In terms of how we get there, on the base rate, as we mentioned on the rig, we have 13 super-spec rigs rolling over from term contracts this quarter. Their average day rate is under $18,000, and so you see the leverage when they move to the low to mid-20s, and then you have the two additional newbuilds. But also, on the cost side, we’ve implemented some initiatives that we’re beginning to realize in the first quarter.

You’ve got to remember, a lot of the costs that we have in the system was because of the gear-up to get to the 91 SmartRigs we have today. And included in our costs today is still some start-up amortization, which is about $5 a day, which will roll off by midyear. But the combination of that and cost focus as well as rolling up rates, that gives us a path that we’re talking about to get to $8,000 by the end of the year. And as we already said, for the first quarter, we’re targeting $6,000.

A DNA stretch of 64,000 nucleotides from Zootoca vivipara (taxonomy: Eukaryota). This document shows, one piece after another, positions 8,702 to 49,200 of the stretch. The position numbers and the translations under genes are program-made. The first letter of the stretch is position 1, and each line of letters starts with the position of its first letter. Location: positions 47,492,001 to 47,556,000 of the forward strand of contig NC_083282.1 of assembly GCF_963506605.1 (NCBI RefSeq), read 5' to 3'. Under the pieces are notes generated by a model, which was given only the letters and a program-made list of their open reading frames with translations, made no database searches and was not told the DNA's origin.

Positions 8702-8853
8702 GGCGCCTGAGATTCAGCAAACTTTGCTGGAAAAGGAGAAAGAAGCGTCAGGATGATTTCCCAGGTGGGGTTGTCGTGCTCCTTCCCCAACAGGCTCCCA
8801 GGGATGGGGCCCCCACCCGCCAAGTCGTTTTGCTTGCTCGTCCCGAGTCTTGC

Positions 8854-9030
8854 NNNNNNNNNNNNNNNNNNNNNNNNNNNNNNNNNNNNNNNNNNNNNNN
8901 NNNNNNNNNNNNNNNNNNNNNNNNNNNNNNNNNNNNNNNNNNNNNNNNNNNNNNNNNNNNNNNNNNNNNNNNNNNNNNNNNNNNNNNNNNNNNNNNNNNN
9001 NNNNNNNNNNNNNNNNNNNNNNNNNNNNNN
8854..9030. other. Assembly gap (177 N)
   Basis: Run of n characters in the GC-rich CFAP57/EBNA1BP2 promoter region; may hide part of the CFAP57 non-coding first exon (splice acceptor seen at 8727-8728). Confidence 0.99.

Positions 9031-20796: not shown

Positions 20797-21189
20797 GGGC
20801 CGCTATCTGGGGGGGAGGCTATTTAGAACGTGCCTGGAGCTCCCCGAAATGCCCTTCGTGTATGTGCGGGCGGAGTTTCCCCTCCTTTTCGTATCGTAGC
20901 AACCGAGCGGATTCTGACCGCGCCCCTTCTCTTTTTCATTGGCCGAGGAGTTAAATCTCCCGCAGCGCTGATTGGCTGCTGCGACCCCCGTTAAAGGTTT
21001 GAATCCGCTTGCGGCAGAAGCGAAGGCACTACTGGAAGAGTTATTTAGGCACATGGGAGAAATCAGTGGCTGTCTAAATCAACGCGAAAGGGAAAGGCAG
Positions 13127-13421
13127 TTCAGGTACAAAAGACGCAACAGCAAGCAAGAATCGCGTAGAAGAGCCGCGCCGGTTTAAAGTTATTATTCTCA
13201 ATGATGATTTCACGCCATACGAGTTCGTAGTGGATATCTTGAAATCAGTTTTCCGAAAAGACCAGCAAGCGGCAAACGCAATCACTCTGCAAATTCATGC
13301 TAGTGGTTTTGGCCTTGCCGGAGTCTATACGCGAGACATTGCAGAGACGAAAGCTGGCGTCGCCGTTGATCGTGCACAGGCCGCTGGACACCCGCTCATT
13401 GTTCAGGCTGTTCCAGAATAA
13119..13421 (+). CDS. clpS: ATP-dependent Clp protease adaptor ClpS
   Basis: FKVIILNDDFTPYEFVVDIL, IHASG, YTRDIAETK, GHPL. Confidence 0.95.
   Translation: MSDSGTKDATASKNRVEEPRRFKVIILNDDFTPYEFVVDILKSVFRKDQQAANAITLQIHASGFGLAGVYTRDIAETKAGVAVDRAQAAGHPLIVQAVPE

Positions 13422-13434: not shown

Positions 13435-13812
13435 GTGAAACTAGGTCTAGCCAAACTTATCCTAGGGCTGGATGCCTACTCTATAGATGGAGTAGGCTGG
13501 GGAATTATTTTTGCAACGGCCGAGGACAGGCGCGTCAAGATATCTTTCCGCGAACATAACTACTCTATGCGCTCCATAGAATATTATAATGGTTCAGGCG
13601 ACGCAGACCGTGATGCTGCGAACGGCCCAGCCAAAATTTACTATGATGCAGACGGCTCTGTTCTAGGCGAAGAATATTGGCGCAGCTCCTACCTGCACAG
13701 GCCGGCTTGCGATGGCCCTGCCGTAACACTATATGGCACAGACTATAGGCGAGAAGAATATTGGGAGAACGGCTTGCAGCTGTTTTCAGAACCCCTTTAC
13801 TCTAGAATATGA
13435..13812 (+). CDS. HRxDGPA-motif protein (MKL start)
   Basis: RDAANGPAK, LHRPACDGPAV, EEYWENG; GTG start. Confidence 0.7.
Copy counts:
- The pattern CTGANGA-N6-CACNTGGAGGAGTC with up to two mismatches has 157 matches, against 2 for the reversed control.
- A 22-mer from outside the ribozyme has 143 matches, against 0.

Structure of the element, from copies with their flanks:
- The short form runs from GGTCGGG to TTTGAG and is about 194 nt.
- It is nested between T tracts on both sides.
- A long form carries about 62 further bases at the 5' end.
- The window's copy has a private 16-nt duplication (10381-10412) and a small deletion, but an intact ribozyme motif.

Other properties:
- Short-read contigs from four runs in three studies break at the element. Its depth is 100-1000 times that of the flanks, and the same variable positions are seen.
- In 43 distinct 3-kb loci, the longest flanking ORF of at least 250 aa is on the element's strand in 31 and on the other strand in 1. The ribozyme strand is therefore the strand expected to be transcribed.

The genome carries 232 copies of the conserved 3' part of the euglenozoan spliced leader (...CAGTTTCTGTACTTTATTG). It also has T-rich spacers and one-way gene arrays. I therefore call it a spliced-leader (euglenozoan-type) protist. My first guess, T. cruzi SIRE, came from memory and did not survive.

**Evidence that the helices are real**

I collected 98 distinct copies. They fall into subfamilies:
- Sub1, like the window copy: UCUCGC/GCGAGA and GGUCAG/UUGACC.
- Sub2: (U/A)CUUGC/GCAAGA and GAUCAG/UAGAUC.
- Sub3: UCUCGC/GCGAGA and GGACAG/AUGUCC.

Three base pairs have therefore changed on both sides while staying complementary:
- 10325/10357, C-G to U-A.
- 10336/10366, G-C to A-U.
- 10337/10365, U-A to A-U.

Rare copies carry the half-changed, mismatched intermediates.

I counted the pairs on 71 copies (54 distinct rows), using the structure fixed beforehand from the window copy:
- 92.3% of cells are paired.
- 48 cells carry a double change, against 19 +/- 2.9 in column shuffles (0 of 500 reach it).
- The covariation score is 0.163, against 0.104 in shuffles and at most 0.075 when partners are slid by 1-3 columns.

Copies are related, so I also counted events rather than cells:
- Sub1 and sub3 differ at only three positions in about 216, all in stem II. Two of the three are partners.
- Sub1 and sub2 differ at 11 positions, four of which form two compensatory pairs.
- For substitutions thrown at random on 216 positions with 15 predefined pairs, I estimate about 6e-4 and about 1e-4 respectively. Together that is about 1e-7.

CFO Restrepo: Let me clarify as well. It’s not just for our super-spec rigs. It’s for the whole Lower 48 fleet, which includes a dozen or so legacy rigs and smaller rigs, SCR rigs and so forth.

CEO Petrello: Now, that’s absolutely true. And so, when you compare our average margins per rig to somewhat – some people call us pure-play rig companies with all 1,500 AC rigs, then you have to bear that in mind that’s the other issue. So normalized, the numbers on that stuff, the base would probably be higher.

Q (continued): Yes. So those are very strong cash margins. So, I guess backing into the other elephant in the room… $8,000 a day cash margins – is that enough to justify building new rigs? Or does it need to be higher?